Okay. We're in the fascial layers now. Everybody's good. We're going through all the layers, okay? Make sure all the layers are all good. Making sure the bladder's out of our way. Metzenbaums again. Thank you. Just going through all the layers. There's some scarring here, so we're just getting a little layers up.
Melisha: Okay. My chest feels tight.
Dr. Hatch: You're just going to feel funky like that. Right now your oxygen saturation is 100 percent. Okay? So that's all good.
Melisha: I'm okay. I'm okay.
Dr. Hatch: You're doing a great job.
Melisha: I trust you. I trust you.
Dr. Follette: Everything's going great.
Dr. Follette: You're going to feel some pulling.
Melisha: I feel pulling, yes.
Dr. Hatch: Yes. A lot of pulling, a lot of tugging, a lot of pressure. And at some point, honestly, it's going to feel like someone sitting on your chest, okay? That's normal because they're putting a lot of pressure at the top of your belly to help deliver, okay?
Dr. Follette: Alexis retractor. Remember it's two pieces of almost cellophane. It's like a retractor so we don't have to pull and tug. So we bring it in and then we let the uterus come to us when we fold it down. All right. We ready for uterine incision, everybody? Gonna start here. Uterine.
Speaker 6: What's your time now?
Speaker 8: 9:01
Dr. Follette: We want to be very careful because everything's nice and thin here, and we would like to stay away from any parts of the baby. Here we go. There's the amniotic sac, so I obviously didn't go underneath the sac, so that's good. Butt is here, so we need to deliver this baby breech. Butt's here.
Melisha: Oh, my chest.
Dr. Hatch: Lots of pressure here. Lots of pressure.
Dr. Follette: Hold on. Hold on. Lots of pressure from us. Here comes the baby's butt. We're coming out butt first. Look at the baby's first. Hi, cutie. Umbilical cord around the body here. Here's an elbow. There's another baby delivering itself. Hi! This is Boston. Let's see if we can show Melisha. Can I show Melisha her cute little boy? Melisha, look. Look at this cutie. Can you see him?
Dr. Follette: You got him? Congrats. Hi, Boston. You tell us, buddy. You're nice and loud. You're nice and loud, buddy. Nice and loud. You got him?
Ryan: Buddy. Hey big boy.
Dr. Follette: Placenta is out and doing great. Wiping the uterus clean. Just to make sure, I'll take some rings so we can see all the layers. We'll go and then we'll take a stitch.
Nurse: You can come on over and meet him if you'd like. He's ready for you.
Dr. Follette: We're closing the first layer. We'll have a second layer after this, okay?
Melisha: Hi, baby. Hello. Hi.
Dr. Follette: So what we're trying to do is clamshell the uterus to hide the first layer of stitching by pulling the uterine layer around it so that it hides it and it gives it a second strength layer. So that's called a two-layer closure, which is our normal layer closure that we have for a c-section.
Everybody's good, Melisha.
Melisha: The baby's okay?
Speaker 6: Yeah, look at him. Oh, he's touching you.
Dr. Hatch: Everything's fine. He's just chilling right now. It's all good. Are you doing okay?
Dr. Hatch: Yeah? Good.
Dr. Follette: Tubes and ovaries over here looking good. This side, that looks good on that side, Jackie. We're done. We're going to put the uterus back in. In it goes and then we're going to take the retractor out.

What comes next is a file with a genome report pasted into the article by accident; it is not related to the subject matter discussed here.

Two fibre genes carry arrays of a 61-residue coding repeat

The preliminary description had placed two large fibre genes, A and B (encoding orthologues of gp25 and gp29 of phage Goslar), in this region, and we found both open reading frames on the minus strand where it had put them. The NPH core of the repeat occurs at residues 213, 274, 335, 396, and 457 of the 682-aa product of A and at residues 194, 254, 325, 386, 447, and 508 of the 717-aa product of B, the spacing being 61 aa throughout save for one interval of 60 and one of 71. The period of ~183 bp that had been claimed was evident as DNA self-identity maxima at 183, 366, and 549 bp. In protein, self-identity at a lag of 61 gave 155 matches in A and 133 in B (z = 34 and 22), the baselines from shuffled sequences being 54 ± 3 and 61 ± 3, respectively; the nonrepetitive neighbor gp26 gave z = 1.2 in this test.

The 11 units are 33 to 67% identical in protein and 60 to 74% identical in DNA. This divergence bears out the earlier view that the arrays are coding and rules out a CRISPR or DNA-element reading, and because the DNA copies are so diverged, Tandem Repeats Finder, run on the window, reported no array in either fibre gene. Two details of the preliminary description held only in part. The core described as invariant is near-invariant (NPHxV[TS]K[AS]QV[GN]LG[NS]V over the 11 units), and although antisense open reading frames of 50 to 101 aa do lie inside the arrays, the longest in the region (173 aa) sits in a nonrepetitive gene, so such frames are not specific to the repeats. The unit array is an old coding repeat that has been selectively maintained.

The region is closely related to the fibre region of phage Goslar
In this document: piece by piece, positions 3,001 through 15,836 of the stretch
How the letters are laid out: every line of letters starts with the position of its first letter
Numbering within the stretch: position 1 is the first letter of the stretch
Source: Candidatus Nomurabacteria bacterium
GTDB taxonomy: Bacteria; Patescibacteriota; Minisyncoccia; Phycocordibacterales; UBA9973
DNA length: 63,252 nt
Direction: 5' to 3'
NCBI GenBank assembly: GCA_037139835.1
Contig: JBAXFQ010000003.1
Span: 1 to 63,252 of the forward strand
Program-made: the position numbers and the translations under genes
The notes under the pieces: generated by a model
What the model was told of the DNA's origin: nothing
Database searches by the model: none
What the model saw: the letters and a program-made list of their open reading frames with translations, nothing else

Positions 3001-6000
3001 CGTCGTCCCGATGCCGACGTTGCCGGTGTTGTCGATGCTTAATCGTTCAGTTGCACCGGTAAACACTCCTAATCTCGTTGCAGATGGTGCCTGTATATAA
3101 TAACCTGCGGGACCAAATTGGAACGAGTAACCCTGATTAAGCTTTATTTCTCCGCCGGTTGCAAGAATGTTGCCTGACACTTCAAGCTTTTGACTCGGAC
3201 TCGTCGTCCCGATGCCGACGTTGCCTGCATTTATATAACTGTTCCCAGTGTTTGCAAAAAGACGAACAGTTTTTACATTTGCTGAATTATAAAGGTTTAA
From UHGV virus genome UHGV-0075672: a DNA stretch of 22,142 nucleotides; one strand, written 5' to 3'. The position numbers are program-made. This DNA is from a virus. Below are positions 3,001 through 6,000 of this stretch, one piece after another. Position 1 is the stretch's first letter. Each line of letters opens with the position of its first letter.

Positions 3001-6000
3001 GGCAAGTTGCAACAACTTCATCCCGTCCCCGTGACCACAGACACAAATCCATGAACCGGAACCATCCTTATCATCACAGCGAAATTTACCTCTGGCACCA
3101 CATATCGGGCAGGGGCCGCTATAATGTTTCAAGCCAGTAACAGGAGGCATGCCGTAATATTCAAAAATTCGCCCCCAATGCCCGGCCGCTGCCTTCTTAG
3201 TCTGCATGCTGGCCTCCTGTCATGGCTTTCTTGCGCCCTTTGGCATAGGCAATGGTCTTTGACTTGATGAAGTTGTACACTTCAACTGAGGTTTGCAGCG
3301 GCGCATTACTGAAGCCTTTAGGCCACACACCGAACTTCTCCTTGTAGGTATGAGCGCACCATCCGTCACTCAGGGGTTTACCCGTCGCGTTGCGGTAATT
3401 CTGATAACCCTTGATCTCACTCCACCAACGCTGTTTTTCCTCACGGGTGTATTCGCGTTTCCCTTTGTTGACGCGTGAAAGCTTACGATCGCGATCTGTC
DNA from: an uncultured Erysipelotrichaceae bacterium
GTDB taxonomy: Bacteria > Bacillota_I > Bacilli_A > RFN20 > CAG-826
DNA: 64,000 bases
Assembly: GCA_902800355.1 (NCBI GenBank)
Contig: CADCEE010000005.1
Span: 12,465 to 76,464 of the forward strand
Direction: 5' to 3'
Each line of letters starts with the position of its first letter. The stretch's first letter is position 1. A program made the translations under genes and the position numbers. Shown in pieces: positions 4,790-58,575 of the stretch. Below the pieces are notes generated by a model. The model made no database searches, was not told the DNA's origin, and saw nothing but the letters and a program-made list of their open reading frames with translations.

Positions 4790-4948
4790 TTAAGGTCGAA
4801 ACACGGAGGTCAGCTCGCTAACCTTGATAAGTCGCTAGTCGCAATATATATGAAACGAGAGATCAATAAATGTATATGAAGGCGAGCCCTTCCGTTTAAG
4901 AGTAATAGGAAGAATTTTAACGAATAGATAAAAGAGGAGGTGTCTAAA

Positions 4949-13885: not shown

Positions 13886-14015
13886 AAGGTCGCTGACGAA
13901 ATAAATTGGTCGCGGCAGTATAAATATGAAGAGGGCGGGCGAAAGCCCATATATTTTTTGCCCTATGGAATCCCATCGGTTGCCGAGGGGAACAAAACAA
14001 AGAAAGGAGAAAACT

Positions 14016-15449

I'm going to close this all in one big layer. Trying to stay away from all the vessels and make sure we're fine here. We will close now the fascial layer and then everything's fine up here, Dr. Hatch: Yeah? Okay, great.
Dr. Follette: It went great. Uterus is closed.
Nurse: Let's see how big he is?
Ryan: Ooh. We weren't expecting that one.
Nurse: 36-80. 8 pounds, 2 ounces.
Ryan: 8 pounds, 2 ounces, babe.
Dr. Follette: And that's a big – yeah, no kidding. Eight pounds.
Melisha: I knew he was big.
Dr. Follette: He was, cutie gets some credit for that.
All layers are closed, Melisha, and you will not have any staples or anything to take off. It's all underneath the skin. I know, right?
Congratulations. Boston's born. And thanks, everybody.
Melisha: Thank you for everything.
Dr. Follette: I know, right? Come on. We did it. Hello you, Boston.
Ryan: Thank you. Follette: Oh my goodness. Look at the chubster.
Ryan: Very happy dad. I'm glad mama's doing okay.
Dr. Hatch: Thanks everyone.
Dr. Follette: Thanks, Pauline.
Nurse: Now we're in recovery. Basically you'll be here. We'll be checking on your vitals for the next hour or so, and when everyone is ready to go we'll move you directly to your postpartum room, where you'll be for the next three to four days.
Nurse: Okay. We want to see, can you move your legs now?
Nurse: Move your toes?
Melisha: I can't.
Nurse: Okay, so we're going to put your head up a little bit. When I put your head up, if you feel nauseated or dizzy or anything, you tell me immediately.
Any questions for me?
Melisha: When can I start nursing?
Nurse: Right now.
Nurse: We're going to go on the side to start with just because you'll be able to use your hand when you need it. I'm going to put him back inside your gown. How does that feel?
Nurse: I'm going to try to bring his lower lip down just a little bit more. There we go. That's the one. How does it feel?
Melisha: Like he's sucking.
Nurse: Perfect. Not biting?
Ryan: Good job, Mama.
Melisha: Thank you. It was not easy. The staff was really helpful, so I'm so grateful for them. I started sobbing because I was so happy and he's so healthy and I think that was the biggest thing. Having a healthy baby at any age is a blessing but especially when you're older. I'm just really grateful. Yeah.